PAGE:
“It is a nervous work. The state that you need to write is the state that others are paying large sums to get rid of.”
That about sums up how I felt all day Saturday at LDStorymakers.
Why? Because I entered the First Chapters Contest—the first contest I’d ever submitted my work to. Yes, I’m part of a critique group and I’ve exposed my work before but not to anonymous judges; people who would evaluate my skill as a writer and give feedback that would tell me whether it was crap or not.
Before I get too far into that, for those of you who don’t know anything about this particular contest, allow me to explain. The First Chapters contest was for first chapters (duh, me!) that were evaluated on their merit of :
- Opening Hook (does the story pull the reader in)
- Conflict (what’s at stake in the story and how is the tension used?)
- Characters (Are these characters compelling people who the reader cares about?)
- Setting & Mood (Does this story make the reader feel like they are there?)
- Pace & Style (How well does the writer move the story along?)
- Resolution/Read-on Prompts (Do you want to keep reading?)
- Mechanics (Grammar, Spelling, etc.)
- Overall Enjoyment (Would you buy this story?)
It’s enough to give any writer mutant butterflies the size of Canada. (No offense, Kim. =] ) Cool as the prizes were, the reason I entered this contest is because of this one line from the contest announcement:
“All entrants will receive a completed judge’s critique form on their work.”
That’s all I really wanted to take away from this contest. Not only did each entrant get one of those, they got FIVE of those. There were five judges for each category who all worked their tails off to give us the best feedback possible. I am grateful to each and every one of those people who dealt with an enormous amount of submissions and did their very best to be fair. The feedback I’ve received has not only encouraged me in my endeavors, it’s also spurred me to write better.
So what happened with my piece? It placed third in the Sci-fi/Fantasy/Speculative category. I was stunned and honored. I never expected to place anywhere in the contest and I was floored. The full list is HERE and you can get a glimpse of my real name. (The L.T. in L.T. Elliot.)
Want to know how nervous I was? The winners were announced via PowerPoint, beginning with the title of the piece and then followed by the author’s name. When my title flashed up there, my mind went blank. My fabulous critique group burst into applause, smiling and waving me up to the front of the room. That walk was the longest one of my life. It was like walking naked down the hallway of your high school or something.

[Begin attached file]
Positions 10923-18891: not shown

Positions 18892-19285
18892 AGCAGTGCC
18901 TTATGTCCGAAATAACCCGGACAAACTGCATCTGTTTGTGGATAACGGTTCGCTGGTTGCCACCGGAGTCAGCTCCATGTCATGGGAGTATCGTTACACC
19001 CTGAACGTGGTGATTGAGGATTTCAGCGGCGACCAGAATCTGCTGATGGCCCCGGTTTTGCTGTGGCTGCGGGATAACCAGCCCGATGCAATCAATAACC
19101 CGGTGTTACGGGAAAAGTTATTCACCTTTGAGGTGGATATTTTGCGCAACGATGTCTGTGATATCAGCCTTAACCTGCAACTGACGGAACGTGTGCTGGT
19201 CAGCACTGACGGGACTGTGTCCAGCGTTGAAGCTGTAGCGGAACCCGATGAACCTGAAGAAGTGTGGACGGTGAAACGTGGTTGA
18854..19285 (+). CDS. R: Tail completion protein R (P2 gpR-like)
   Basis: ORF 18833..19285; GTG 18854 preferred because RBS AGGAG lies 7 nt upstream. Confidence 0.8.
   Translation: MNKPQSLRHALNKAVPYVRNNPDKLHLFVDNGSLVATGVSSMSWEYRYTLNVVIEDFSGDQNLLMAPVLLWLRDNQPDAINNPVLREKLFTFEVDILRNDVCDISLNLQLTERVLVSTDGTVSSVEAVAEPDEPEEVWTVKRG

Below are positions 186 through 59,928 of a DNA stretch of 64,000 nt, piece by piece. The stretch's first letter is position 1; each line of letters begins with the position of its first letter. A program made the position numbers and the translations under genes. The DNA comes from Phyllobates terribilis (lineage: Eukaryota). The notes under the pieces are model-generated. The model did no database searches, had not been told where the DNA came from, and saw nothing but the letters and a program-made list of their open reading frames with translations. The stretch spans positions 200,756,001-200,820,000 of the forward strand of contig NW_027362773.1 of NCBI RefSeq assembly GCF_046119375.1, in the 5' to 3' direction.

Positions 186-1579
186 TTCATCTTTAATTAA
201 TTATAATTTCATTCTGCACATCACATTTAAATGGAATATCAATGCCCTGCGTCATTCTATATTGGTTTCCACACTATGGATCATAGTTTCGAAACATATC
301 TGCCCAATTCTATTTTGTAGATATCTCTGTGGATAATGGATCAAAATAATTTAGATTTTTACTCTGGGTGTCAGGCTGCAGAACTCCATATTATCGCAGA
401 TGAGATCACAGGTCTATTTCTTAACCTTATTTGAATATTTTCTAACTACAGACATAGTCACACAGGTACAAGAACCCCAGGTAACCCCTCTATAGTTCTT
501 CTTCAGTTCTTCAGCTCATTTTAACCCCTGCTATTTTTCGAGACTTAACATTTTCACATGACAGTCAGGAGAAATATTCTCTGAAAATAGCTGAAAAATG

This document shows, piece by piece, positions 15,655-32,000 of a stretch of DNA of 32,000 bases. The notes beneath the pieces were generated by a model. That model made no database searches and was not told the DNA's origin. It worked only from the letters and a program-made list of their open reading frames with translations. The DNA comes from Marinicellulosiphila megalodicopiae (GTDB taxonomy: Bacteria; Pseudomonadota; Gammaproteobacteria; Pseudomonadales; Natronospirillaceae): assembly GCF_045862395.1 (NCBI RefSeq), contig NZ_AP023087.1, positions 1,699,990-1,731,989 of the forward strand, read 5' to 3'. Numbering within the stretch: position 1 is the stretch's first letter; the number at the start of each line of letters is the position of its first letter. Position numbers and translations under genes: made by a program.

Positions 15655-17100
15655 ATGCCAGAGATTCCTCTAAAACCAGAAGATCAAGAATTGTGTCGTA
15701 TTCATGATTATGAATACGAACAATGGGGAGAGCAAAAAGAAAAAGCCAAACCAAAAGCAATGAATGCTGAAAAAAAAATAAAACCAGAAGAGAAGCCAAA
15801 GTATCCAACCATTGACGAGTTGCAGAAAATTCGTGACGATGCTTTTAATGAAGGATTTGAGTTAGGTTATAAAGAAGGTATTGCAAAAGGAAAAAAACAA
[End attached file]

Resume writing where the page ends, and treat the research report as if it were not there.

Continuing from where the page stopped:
Want to know how professional I was? When the fabulous Jaime Theler shook my hand and the wonderful Julie Bellon handed me my certificates, they both said something to me and it was like I was deaf. I just said, “Thank you.” To which Julie said something that I totally didn’t hear so I said, “Thank you,” again. Yeah, I’m a moron. What she was trying to tell me was, “You dropped your ribbon!” And me with my deer-in-the-headlights expression just kept mumbling, “Thank you.”
Julie shook her head with a smile and then just pointed down at the floor. I finally saw what she was talking about and picked up the ribbon as fast as I could so that I could slink back to my chair to die of shame. Aren’t you so proud of me? Grace and Poise; my two main traits.
It was an honor to place and I am very grateful for the opportunity. I sure hope I didn’t come off as unhappy or snobbish—please just know that I was absolutely shell-shocked and suffered from temporary sensory deprivation.
I wish I could tell you the butterflies died there but they didn’t. About an hour after the luncheon/contest announcements, I had a pitch session with the amazing Lisa Mangum, from Deseret Book/Shadow Mountain. (By the way, her book The Hourglass Door, was just released. I’ve already bought and read my copy. I loved it! You will too! Go grab yourself a copy today!)
Lisa was wonderful. She discussed a lot of things with me about my manuscript and was very gracious (not to mention fun and relaxing! I had no reason to be anxious!) Since this post is already so long, I’ll just cut to the chase and say that she requested the first six chapters. I’m very grateful and VERY excited!
Right after my session with Lisa, I went back out into the hall where I was met with Rachel Ann Nunes, who I had met the day before and had no idea who she was. (To be fair, her name tag was giving her a spot of trouble and I couldn’t read it. Once we got it sorted out, I recognized her name right away!) Let me just tell you that Rachel is one fine lady and one of the friendliest women I’ve met.
Anyway, back to the story, Rachel was excited to hear how it went and when I told her, she flagged down Stacy Whitman, another editor at the conference. Long story short, Stacy was interested and granted me some of her time to talk shop. (She’s amazing, people. Really. I’ll go into depth about that some other time.) She ended up requesting the first three chapters. I’ll let you know how it goes.
So that’s my story, friends. Is it any wonder that I can’t sleep? (Name that tune and I’ll give you five bucks. CGLearner, you’re not allowed.) =]
Please don’t think I’m bragging. I’m not. You’ll never know how hard it was to write this post. If it wasn’t for the fact that some people have asked me why I haven’t written about it earlier, I probably wouldn’t have said anything just because I don’t want to sound cocky. I’m extremely grateful and I owe it all to so many people. Thank you to all of you.